The sleek, stylish Myki is completely free for personal use and does everything a password manager should, including unlimited syncing across devices, password generation and sharing, and notifying you of weak or reused passwords.
All your data is stored on your own devices rather than on Myki's company servers. Rather than logging in with a master password, you use a six-digit PIN code that can be different on every device. An optional Paranoid Mode requires manual approval for every autofill request.
RoboForm offers quite a few features, such as password sharing, two-factor authentication, a password generator and, most recently, notification of exposure in data breaches and a one-time-code generator for website 2FA. The features' functionality is a bit limited compared to those of some other password managers, but they'll do the job.
The free tier works well and includes most RoboForm features. However, it won't sync across multiple devices. At a list price of $24 per year (plus a 30% discount for Tom's Guide readers), RoboForm's premium version is cheaper than those of most other password managers, and may be just the thing for someone seeking the basics at a budget price.
Blur is a privacy-protection service with a password manager tacked on. It's fine as a browser-based desktop password manager, but it's a bit more expensive than LastPass, Keeper or 1Password. And its mobile apps are out-of-date and hard to use.
There is definitely a bit of a learning curve to KeePass, and the average user may want to stick to one of the easier-to-use password managers. But if you're technically minded and enjoy a bit of a challenge, give KeePass a try.
Some of them, such as Dashlane, 1Password and Keeper, alert you about the latest data breaches, sometimes for an extra price. Many password managers can also offer to save your personal details, credit card numbers and other frequently used information so that they can quickly fill out online forms for you. (This is much safer than letting retail websites save your credit card information.)
Syncing your passwords locally does provide a security advantage as none of this data needs to reach the internet. For those who want to maintain total control over their passwords, this is the way to go.
The downside here is that it can be a hassle to synchronize these passwords on all of your devices. Some services will allow you to do so over a local network such as a Wi-Fi network or on your own server. Alternatively, you could also put your password vault on a USB flash drive and physically move it from one computer to another.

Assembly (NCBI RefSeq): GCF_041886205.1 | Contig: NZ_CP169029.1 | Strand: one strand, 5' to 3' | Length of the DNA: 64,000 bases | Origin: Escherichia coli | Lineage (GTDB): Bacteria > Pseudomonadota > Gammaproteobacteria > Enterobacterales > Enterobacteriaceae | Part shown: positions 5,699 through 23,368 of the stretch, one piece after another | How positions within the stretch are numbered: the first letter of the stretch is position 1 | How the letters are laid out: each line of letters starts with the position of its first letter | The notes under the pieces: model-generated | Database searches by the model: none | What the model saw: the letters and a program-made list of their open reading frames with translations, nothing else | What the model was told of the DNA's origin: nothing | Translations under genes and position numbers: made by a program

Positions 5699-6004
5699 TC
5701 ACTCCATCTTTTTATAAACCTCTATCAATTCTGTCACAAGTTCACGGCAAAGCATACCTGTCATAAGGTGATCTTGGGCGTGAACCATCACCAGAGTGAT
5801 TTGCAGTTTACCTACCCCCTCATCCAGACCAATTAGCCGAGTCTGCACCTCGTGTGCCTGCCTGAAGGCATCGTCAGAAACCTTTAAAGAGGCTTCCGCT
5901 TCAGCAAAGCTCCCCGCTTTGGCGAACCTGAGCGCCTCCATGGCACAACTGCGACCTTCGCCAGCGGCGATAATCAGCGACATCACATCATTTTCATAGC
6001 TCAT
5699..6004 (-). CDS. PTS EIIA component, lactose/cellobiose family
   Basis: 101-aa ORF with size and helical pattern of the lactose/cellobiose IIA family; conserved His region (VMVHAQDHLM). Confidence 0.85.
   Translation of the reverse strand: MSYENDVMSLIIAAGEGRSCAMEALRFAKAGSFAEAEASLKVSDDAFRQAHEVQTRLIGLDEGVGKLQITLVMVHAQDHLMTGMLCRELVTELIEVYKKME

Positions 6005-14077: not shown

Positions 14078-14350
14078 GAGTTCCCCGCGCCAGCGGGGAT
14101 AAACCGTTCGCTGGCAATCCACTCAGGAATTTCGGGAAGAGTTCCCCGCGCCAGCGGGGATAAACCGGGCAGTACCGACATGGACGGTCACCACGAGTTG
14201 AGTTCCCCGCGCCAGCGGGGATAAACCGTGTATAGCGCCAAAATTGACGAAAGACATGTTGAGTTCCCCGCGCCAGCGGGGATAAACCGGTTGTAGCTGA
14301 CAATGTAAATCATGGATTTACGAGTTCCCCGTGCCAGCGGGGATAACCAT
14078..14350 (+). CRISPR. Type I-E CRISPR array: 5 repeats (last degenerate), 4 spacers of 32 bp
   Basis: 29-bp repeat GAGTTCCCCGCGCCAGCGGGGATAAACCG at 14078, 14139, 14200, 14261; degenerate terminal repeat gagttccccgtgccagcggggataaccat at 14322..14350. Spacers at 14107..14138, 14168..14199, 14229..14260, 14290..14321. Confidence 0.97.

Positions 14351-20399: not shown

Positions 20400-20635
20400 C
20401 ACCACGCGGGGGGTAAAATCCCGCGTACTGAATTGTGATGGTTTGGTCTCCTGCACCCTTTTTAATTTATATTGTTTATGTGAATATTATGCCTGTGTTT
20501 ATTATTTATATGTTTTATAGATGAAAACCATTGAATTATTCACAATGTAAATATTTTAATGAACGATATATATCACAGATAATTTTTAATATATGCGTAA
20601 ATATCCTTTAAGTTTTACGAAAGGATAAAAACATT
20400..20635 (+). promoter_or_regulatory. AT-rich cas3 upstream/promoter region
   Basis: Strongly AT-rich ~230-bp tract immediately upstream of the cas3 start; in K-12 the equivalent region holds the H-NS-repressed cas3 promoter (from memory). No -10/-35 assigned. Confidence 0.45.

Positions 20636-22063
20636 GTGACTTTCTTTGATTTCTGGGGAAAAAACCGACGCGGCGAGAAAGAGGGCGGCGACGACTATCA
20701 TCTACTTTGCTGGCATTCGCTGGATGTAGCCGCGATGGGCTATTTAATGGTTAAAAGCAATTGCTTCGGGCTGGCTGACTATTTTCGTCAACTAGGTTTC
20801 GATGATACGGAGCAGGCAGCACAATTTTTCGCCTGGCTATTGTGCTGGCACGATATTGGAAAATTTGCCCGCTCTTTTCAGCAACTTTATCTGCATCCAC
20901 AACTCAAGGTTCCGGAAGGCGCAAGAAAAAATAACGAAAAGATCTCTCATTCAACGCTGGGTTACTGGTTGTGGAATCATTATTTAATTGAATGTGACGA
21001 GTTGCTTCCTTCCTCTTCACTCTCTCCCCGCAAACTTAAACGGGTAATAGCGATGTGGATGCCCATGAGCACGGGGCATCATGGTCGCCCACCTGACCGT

Five widely used password managers have serious flaws, some of which have been publicly known for years, a pair of researchers said in an academic paper published earlier this month. Not all of the flaws have been fixed.
"Vulnerabilities in password managers provide opportunities for hackers to extract credentials," Shahandashti said in a University of York news posting (opens in new tab). "Because they are gatekeepers to a lot of sensitive information, rigorous security analysis of password managers is crucial."
In response to queries from Tom's Guide, representatives from all five password managers pointed out that the researchers' analyses were conducted two years ago, and that many of the flaws described in the paper had since been fixed, although not all of our questions were answered.
But make sure that the master password you choose is especially strong. Avoid using a PIN to quickly unlock the password manager's mobile app -- use your fingerprint or your face. And don't "sideload" Android or iOS apps from off-road app stores -- use the official Google Play or Apple stores.
Dashlane fared worst in the study, being vulnerable to seven different security flaws, including five that had been discovered in 2013 and 2016. 1Password had the fewest vulnerabilities with four, but in truth, none of the password managers came out with flying colors.
LastPass and 1Password were both successfully "phished" by a phony app the researchers created that simply shared the same file name as the real Google Android app. Both password managers would see the app's file name and autofill the user's real Google credentials into the fake app.
The researchers found that Dashlane and RoboForm did not adequately limit incorrect entries of the four-digit access PINs to launch their Android apps, which users can type in instead of master passwords for the sake of convenience.
"A malicious attacker would have full access to the application, providing there is no prompt for the user to re-authenticate using something other than the PIN," they added. "Access to the application in both Dashlane and RoboForm enables the user to view, modify or delete records within the password manager's vault."
UPDATE: In subsequent communications with Tom's Guide, Dashlane said: "We do not enable the PIN code by default or recommend using it, although some of our customers prefer to use it. It is less secure than a proper master password, which we do recommend." 2b1af7f3a8